Thursday, 2 April 2009

How to collar tax havens: follow the money

One of my fellow bloggers at the G20 Summit is Richard Murphy who, in many peoples' eyes, is the leading UK expert on how to clamp down on tax havens. I had the pleasure of interviewing him last night. Just two years ago he acknowledges that he was regarded as being on the mad fringe of this discussion, he is now beingseriously listened to by HM Treasury and elsewhere. This guy knows how we can prevent individuals and corporations from abusing tax havens to evade regulatory oversight and tax.

How do we do it? Follow the money. It is now the norm for large corporations to even register their logos as a company in a tax haven with its logos leased back. The most expansive use of tax havens by a corporate that Murphy has found is the Dutch bank,ING, which has 17,000 companies registered in tax havens. Well, if the International Accounting Standards Board (ironically located in a tax haven- Delaware) required that all subsidiaries of listed companies have to declare the names of the subsidiaries, where they are located, their sales, purchases, staff costs, profits, tax andintra-group trading, that abuse could be stopped.

He cited the Stop Tax Haven Abuse Act which is crawling through Congress in our interview. As similar legislation is seeking to do in Germany, this act will simply assume that you are trying to avoid tax if you use a tax haven. It seems that there is a likelihood of global accounting standards being included in the communique today. If the IASB doesn't play ball then it could be taken over by a state and/or become an inter-state agency.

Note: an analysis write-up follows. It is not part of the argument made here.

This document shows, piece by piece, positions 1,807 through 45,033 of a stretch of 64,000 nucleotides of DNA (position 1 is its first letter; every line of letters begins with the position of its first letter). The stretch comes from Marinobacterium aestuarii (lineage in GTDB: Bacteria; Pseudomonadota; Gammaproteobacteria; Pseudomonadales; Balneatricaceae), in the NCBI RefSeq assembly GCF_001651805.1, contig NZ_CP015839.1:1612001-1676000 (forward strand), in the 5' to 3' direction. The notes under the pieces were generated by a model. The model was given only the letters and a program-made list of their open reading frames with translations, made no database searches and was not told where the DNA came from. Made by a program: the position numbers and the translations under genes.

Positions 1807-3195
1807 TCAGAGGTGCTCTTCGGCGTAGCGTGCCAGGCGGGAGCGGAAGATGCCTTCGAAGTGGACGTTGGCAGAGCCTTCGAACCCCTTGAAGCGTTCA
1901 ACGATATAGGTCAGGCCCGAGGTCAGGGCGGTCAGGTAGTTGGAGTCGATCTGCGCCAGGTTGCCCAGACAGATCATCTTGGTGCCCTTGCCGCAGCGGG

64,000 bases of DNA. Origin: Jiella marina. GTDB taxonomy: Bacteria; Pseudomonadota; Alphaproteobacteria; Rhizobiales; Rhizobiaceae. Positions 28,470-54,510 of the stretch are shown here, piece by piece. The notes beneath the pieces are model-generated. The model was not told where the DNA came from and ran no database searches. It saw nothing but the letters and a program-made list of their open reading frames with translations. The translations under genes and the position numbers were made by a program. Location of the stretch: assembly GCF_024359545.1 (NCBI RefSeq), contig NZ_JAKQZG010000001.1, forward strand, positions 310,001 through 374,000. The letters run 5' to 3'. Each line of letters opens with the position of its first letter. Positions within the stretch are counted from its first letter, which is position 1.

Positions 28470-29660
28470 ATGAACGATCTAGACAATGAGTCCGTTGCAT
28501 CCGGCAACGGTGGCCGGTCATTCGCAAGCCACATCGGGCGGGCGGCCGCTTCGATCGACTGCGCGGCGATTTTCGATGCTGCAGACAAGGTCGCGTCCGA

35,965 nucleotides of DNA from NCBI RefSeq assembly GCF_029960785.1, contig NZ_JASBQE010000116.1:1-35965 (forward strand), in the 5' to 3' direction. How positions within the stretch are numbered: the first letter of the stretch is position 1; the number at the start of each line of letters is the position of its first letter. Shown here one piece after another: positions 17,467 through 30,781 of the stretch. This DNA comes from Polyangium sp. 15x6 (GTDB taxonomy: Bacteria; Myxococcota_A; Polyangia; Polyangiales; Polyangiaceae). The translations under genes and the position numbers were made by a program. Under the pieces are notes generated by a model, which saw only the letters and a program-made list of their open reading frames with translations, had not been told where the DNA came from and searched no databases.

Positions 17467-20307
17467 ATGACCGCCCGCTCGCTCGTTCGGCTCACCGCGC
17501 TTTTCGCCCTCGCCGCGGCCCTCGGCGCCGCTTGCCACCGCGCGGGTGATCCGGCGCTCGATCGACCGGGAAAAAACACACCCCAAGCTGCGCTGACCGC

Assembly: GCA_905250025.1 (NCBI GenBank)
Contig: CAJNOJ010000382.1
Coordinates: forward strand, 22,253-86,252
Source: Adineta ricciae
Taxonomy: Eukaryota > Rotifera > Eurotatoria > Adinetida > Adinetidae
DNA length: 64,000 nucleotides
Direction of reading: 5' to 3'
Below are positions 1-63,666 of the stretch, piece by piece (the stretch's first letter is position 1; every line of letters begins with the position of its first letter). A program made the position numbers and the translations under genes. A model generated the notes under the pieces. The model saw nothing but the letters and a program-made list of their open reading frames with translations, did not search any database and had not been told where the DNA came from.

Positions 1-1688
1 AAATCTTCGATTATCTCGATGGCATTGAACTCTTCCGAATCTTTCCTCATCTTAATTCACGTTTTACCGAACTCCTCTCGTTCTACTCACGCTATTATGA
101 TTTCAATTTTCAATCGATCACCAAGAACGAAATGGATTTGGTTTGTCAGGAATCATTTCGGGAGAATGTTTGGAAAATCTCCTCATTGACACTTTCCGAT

The same could apply to regulation. Banks, hedge funds, private equity firms, will have to meet the same regulatory standards in tax havens as they do in London, New York or Frankfurt.

A key issue here is cash. Firstly, with fiscal deficits sky-rocketing the G20 has an incentive to act now. It has an incentive to act today in fact. And we are not talking about small pots of cash. Murphy has estimated that there is $400billion washing around every year of evaded taxation. We are talking £18billion in the UK alone. Even increased transfers to tax havens that are British dependent territories will be dwarfed by the increase in tax revenue by clamping down on these havens. So cash will force the hands of the G20 and major increases in revenues are the benefit.

I will be reading the communique closely to see what measures on tax havens will be agreed. China and the US- which under the Bush presidency blocked changes to tax havens for eight years- will have to move for a satisfactory outcome to be achieved. But we are beyond the point where this is tolerable. Action is needed- for financial stability, for fairness, for tax revenues, and public services- and it is needed now.

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